What it shows is that the bedrock of the company’s regular income is its commuter services around Tokyo not its bullet trains. And the prospect for making any more money out of them is a tad bleak.

It reveals that the company is currently facing a downturn in its commuter services serving Tokyo partly caused by a declining population and is looking to expand abroad. It currently provides no services outside Asia – where it is helping develop a mass transit rail system for Bangkok and improve train services in Indonesia.

The annual report says: “Generally, Japan’s declining population is seen as unfavourable for the transportation industry. However, our performance in fiscal 2015 proved that, even in an era of population decline, we can grow revenues by steadily implementing various measures.”

These include developing stations and encouraging more retired people to use local trains as the number of commuters decline.

With lower fares in Japan than the UK, the move could give the operator access to the lucrative London commuter market and it could also offer its services to maintain and build new trains for the British market.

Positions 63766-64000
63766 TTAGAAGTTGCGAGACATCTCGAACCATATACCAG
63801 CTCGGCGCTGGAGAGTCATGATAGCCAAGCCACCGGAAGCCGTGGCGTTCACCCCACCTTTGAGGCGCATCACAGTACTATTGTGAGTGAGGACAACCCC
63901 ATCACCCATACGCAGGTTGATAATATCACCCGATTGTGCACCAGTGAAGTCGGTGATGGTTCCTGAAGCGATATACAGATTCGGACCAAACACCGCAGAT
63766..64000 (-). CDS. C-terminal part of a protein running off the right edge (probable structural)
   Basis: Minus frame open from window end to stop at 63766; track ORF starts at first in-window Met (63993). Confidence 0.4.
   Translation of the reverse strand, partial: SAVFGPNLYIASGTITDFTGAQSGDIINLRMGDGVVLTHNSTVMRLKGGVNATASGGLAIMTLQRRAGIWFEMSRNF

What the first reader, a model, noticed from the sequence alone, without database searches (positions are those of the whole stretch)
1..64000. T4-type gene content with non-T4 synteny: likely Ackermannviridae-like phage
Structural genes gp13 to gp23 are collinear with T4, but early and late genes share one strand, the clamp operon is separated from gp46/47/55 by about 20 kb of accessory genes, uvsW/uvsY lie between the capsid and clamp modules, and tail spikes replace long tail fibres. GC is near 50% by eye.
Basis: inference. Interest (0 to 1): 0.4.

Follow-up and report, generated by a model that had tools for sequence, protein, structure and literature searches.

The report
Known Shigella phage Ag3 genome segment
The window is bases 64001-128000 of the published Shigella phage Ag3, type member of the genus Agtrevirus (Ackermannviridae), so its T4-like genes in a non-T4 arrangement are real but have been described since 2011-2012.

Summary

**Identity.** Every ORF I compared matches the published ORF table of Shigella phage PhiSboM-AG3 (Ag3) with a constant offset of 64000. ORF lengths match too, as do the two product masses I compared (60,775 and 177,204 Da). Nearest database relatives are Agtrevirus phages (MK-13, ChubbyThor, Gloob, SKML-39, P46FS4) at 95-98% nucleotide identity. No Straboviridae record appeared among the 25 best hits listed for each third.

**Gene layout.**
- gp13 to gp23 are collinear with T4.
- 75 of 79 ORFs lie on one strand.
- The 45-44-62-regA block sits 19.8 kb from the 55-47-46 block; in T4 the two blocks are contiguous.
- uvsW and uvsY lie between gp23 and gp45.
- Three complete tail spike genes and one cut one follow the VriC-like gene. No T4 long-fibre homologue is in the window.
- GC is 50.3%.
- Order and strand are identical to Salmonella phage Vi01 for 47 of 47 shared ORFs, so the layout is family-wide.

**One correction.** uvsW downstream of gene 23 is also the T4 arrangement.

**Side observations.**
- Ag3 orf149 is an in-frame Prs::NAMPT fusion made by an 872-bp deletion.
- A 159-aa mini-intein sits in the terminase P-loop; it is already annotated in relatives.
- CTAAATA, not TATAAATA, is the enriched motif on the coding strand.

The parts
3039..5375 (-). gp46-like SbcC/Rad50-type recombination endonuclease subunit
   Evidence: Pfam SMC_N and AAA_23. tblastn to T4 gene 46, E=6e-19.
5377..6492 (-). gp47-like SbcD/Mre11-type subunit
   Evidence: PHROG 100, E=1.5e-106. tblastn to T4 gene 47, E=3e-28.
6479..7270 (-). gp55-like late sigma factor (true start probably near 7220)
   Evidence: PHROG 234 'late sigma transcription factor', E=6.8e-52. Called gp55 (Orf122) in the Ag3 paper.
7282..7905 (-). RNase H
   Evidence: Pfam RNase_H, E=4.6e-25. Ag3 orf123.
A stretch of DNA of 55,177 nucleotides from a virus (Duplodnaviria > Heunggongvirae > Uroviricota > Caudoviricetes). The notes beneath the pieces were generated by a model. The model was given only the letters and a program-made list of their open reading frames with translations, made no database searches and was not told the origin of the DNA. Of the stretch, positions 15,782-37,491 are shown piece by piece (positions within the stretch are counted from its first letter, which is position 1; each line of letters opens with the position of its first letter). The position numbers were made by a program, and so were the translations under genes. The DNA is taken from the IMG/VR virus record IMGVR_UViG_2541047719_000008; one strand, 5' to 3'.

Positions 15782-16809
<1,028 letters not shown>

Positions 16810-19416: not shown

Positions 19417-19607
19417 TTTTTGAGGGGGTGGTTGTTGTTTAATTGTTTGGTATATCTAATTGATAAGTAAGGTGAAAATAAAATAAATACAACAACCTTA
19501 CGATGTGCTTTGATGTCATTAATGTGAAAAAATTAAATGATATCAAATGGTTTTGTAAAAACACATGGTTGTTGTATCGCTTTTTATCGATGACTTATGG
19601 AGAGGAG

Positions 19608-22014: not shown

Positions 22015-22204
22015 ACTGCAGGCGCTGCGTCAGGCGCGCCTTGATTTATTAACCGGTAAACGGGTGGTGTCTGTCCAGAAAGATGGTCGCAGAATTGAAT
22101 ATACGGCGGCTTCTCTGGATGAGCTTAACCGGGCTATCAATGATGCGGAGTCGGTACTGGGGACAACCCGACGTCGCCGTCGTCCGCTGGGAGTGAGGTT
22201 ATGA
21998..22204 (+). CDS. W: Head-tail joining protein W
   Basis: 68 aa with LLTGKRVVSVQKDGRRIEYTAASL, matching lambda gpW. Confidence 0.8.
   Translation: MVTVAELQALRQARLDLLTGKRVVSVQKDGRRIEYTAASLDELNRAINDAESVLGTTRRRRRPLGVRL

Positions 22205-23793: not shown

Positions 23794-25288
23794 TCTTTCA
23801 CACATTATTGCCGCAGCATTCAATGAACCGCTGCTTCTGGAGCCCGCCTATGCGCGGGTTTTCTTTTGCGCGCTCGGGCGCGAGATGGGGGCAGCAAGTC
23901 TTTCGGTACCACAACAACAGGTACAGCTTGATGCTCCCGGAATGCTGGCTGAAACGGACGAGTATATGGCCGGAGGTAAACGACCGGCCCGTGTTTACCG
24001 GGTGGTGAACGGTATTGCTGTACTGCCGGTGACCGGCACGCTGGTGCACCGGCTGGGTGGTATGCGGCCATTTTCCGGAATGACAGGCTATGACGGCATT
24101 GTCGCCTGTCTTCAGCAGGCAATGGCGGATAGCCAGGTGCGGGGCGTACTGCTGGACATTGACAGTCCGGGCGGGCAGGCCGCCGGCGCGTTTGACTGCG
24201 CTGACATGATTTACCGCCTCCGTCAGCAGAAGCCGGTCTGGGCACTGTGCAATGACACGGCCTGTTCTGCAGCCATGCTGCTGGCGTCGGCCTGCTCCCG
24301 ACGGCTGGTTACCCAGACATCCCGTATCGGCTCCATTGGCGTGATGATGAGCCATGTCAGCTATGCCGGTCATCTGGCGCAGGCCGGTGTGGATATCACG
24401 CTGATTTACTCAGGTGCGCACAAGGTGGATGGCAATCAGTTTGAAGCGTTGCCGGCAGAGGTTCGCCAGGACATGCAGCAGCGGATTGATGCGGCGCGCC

So in other words commuters using London Midland trains to get into Birmingham and London Euston will be contributing to  profits which can be repatriated to Tokyo to offset the declining  Japanese market.

Which makes an investment in London Midland a one way bet for the Japanese since the current Tory government will ensure fares rise every year and the growing population in the UK will all help boost profits.

I would not be surprised to see government ministers in the transport department helping themselves to directorships and consultancies with the company a couple of years after they have stepped down from their posts. After all they have done them a great favour.

I have written about this in Tribune. The three consortia bidding are:a consortium run by London and West Midlands Railway Ltd, a subsidiary of Govia Ltd (a joint venture between Keolis and Go-Ahead Group)’ West Midlands Trains Ltd, currently a wholly owned subsidiary of Abellio Transport Group Ltd with East Japan Railway Company and Mitsui & Co Ltd as minority partners; and MTR Corporation (West Midlands) Ltd, a wholly owned subsidiary of MTR Corporation (UK) Ltd which runs the Hong Kong rail system.

The new London Midland operator will take over in October this year.

Does the train take the strain? East Coast good, London Midland bad

A helpful East Coast express: pic courtesyLocoPix

An unhelpful London Midland train